5 Eye-Opening Stats About Gen Z, Millenials, and AI

How Much Do Gen Z and Millenials Embrace AI?

Here are 5 surprising statistics about Gen Z and Millenials, and their adoption of generative AI technologies.

1. Disrupting Google

61% of Gen Z and 53% of Millennials reported using AI instead of Google to find information about a topic.

This shift is about speed, efficiency, and user experience.

"Let me ask ChatGPT" is already replacing "Google it."

Conversing with LLMs feels more like talking with a friend, rather than digging through a virtual library, rife with ads and clickbait SEO-optimized answers.

For example, in seconds ChatGPT can summarize both sides of a heated controversial topic (e.g. global warming). This would’ve taken much longer to read, absorb, and summarize through traditional google searching.

This may have broader implications for information consumption and trust.

Search engines require you to sift through pages, assessing credibility and relevance. LLMs streamline this by synthesizing all those pages - and billions more - to craft a response.

However, it’s currently hard to detect hallucinations and evaluate credibility.

2. Optimists

Gen Z and Millenials are the most optimistic about AI positively transforming multiple industries, including healthcare, technology, education, and creativity.

Trust goes hand in hand with optimism.

63% of Millennials and 52% of Gen Z genuinely trust information from AI.

Both optimism and trust probably stem from robust engagement with AI tools from a young age. A whopping 70% of Gen Z use AI.

According to the same report, Salesforce found 65% of all Gen AI users are Millennials or Gen Z, while 72% are employed.

As AI adoption transforms industries across the board, its proactive adoption by Gen Z and Millenials will hopefully shape a culture of tech-optimism.

3. Career Coaching

47% of Gen Z say they get better advice from AI than from their manager.

I’m not surprised.

For instance, I get better advice from ChatGPT than from most dog trainers.


It’s all about…

Current Research: AI continuously learns from the latest data, so that its advice is based on recent research. Managers don’t have time to sift through new research in behavioral science, psychology, teamwork, peak performance, mental health, etc.

Instant Access and Affordability: AI provides immediate answers, without the formality or delay associated with traditional performance reviews. Dealing with multiple responsibilities, managers are not as accessible. Career coaches, sadly, are not affordable for many.

Impartiality: Managers are human. At any given moment, their advice is likely biased by politics, incentives, experiences, emotions, limited knowledge, ego, stress, or workload. AI offers advice based on data, although nowhere near perfect, but perceived to be more objective.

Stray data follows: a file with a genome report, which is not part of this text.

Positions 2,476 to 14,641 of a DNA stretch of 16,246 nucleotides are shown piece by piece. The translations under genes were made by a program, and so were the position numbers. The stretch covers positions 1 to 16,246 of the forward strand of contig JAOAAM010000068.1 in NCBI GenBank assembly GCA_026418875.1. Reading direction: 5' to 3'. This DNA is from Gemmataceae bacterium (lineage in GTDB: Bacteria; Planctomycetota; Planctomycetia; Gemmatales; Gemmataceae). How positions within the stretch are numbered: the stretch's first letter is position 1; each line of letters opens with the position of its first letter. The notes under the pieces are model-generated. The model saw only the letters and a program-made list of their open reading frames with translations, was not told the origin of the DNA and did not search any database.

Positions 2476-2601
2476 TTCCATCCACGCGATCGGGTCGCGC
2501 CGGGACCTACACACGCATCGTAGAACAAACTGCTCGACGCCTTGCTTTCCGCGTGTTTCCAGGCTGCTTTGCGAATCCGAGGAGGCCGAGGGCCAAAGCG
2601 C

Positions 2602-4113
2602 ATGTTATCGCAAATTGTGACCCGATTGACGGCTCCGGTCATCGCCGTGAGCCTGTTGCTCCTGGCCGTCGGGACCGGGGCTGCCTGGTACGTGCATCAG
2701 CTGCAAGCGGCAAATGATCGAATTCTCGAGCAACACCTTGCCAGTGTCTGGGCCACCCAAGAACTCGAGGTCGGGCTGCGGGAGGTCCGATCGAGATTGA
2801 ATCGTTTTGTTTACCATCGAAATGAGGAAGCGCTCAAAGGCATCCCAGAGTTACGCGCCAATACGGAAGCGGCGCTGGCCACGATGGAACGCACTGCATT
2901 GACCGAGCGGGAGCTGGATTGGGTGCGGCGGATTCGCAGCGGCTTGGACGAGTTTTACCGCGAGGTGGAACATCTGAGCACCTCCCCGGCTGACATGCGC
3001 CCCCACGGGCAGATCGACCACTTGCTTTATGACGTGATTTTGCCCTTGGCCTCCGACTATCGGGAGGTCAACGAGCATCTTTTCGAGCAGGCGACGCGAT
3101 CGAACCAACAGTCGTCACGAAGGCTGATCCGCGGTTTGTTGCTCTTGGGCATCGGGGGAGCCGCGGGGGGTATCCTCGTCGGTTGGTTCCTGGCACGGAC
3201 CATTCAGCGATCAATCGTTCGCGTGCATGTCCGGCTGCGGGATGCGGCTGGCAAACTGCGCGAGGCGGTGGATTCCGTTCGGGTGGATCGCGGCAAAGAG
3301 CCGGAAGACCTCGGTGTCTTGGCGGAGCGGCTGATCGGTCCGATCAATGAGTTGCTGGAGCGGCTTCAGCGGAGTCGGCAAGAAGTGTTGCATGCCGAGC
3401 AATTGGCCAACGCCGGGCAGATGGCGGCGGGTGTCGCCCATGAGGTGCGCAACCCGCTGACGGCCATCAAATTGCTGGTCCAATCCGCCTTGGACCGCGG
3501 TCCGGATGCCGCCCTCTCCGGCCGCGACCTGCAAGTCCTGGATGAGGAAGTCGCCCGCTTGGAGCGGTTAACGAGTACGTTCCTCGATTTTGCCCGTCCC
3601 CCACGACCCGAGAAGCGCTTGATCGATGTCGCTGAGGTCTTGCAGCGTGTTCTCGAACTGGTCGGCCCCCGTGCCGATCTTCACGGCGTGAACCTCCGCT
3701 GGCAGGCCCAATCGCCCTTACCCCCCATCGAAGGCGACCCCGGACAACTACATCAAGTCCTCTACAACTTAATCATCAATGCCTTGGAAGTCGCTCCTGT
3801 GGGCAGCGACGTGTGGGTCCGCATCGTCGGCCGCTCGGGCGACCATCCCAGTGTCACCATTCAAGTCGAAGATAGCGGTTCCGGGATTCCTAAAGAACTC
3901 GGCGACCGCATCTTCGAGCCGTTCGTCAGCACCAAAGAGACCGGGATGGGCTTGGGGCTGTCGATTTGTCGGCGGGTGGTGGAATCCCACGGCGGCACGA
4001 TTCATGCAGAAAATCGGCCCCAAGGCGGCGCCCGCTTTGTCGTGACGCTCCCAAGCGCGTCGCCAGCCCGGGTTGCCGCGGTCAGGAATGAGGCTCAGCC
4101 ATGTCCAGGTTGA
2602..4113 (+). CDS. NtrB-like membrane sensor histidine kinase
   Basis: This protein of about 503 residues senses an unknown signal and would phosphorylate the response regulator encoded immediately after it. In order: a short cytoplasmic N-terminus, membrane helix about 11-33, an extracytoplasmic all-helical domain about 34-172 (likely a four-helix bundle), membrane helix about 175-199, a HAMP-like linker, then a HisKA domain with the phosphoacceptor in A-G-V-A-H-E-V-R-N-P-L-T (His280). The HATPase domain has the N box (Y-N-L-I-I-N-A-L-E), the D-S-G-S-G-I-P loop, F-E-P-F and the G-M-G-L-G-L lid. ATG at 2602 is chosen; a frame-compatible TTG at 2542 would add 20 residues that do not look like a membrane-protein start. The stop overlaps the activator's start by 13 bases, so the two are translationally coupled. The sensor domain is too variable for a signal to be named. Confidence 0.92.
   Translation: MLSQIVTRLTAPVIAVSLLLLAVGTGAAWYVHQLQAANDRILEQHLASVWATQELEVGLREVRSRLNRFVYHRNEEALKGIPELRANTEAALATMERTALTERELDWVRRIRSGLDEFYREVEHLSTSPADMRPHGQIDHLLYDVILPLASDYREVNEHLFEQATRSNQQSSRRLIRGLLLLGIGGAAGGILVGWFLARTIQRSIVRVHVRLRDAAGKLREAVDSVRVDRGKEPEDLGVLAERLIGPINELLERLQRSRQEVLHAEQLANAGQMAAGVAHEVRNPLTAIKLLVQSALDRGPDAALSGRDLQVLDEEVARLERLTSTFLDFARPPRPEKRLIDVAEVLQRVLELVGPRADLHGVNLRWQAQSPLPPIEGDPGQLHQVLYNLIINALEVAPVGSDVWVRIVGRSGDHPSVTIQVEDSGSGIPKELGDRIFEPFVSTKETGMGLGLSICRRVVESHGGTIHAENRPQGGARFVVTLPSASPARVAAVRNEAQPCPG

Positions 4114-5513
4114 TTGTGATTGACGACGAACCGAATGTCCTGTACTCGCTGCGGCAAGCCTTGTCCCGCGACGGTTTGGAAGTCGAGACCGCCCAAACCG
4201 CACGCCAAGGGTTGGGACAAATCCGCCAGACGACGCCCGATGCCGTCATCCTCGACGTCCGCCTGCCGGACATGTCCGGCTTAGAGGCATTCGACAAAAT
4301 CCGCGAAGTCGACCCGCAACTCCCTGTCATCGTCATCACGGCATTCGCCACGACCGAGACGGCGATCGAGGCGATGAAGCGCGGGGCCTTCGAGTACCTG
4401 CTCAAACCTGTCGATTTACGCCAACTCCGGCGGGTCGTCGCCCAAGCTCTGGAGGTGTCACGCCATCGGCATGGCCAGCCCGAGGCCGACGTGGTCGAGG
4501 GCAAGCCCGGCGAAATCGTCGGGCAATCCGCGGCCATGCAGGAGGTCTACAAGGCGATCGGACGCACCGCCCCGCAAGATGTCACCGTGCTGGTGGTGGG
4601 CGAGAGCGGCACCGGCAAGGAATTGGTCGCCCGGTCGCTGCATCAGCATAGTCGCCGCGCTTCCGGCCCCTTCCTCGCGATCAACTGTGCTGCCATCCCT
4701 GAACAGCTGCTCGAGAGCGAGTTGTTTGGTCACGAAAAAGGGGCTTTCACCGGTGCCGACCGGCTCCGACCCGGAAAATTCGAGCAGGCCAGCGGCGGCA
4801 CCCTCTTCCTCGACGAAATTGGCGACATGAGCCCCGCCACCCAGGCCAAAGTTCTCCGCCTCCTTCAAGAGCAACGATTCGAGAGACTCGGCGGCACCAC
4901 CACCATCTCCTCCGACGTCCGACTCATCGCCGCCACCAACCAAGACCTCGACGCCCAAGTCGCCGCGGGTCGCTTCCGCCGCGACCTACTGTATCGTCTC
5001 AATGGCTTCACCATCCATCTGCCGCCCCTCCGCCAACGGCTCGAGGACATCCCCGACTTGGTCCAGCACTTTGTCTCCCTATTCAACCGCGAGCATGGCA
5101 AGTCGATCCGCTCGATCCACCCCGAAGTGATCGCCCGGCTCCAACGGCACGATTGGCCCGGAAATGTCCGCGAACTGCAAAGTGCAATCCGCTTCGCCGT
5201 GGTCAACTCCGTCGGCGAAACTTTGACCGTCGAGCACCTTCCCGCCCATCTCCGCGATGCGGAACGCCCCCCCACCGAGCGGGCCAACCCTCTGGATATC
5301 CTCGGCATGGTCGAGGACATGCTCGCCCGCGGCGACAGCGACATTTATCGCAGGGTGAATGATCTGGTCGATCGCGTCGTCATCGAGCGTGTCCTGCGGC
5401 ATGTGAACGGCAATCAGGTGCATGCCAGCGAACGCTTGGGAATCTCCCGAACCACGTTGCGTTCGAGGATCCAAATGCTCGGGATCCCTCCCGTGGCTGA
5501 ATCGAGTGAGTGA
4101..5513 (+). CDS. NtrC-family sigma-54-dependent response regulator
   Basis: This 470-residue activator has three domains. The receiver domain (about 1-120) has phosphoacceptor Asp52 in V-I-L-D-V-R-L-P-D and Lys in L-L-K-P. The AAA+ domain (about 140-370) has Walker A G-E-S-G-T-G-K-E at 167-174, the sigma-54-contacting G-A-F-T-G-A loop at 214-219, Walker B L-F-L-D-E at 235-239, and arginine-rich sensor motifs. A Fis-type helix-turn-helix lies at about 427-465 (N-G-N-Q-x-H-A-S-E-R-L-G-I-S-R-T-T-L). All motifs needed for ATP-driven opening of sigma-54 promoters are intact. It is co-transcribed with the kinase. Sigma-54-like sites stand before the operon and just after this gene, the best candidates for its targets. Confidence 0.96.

Personalization: AI can tailor advice to individual preferences and history. Managers struggle due to limited memory and limited knowledge of your career history, aspirations, and roadblocks. As you jump between companies, it takes time for each new manager to learn who you are, how you work, and how to best enable you.

Anonymity: Using AI lets you stay anonymous, encouraging openness without fear of consequences. There’s no real anonymity in the workplace. Managers may not like what you have to say; sadly, the repercussions can be high.

4. Building AI Tools

68% of Gen Z and 61% of Millenials are interested in making their own AI tools, such as custom GPTs.

Last year, GitHub achieved 100 million developers on its platform.

The next milestone?

1 billion.

The convergence of…

  • AI coding assistants

  • Low code app builders

  • Younger generations eager to build

… will lead to the next 900 million developers.

The barrier to entry in tech entrepreneurship will continue to plummet.

A broader range of people will build, innovate, and elevate their communities.

As of February 2024, there were: 

  • 80,763 total unique GPT models 

  • 71,901 active unique GPT models

  • 8,862 inactive unique GPT models

Imagine 10x, or even 100x, these numbers as Gen Z and Millenials ramp up.

5. Increasing Usage

60% of Gen Z and 62% of Millenials have increased weekly usage of AI over the past year, and they lead the pack in adopting multiple use cases for AI.

Here are Gen Z’s most frequent use cases for AI:

  • complete schoolwork

  • spur creativity

  • as a hobby

  • song recommendations

I confess I’m a Millenial.

Over the past year, I‘ve adopted Gen AI in my everyday life and found multiple, meaningful uses for it:

  • AI text and image generation for my hobby blog

  • positive reinforcement dog training advice

  • quickly finding relevant statistics

  • emotional argument diffuser

  • summarizing new research

  • AI canvas art home deco

Yet, I’ve only scratched the surface.

I have an extensive todo list: playing with video generation, 3d modeling, music generation, and deepfakes.

My AI usage (and credit card bill) will only increase from here.


No doubt, AI is rapidly transforming how we seek and consume information.

We’re seeing a significant shift from Google to AI, among Gen Z and Millenials.

Despite concerns about accuracy and credibility, younger generations embrace AI, both personally and professionally.

Their optimism is reflected in their trust in AI to positively transform industries, including healthcare, education, and technology.

Nearly half of Gen Z sees AI as a superior source for advice over managers, valuing its access to current research, impartiality, and personalization.

This trend will keep spreading, far beyond the manager-employee relationship.

As AI matures and use cases flourish, Gen Z and Millennials will lead the charge towards a techno-optimistic future.

What excites me most about the gen AI space is that it truly feels like play!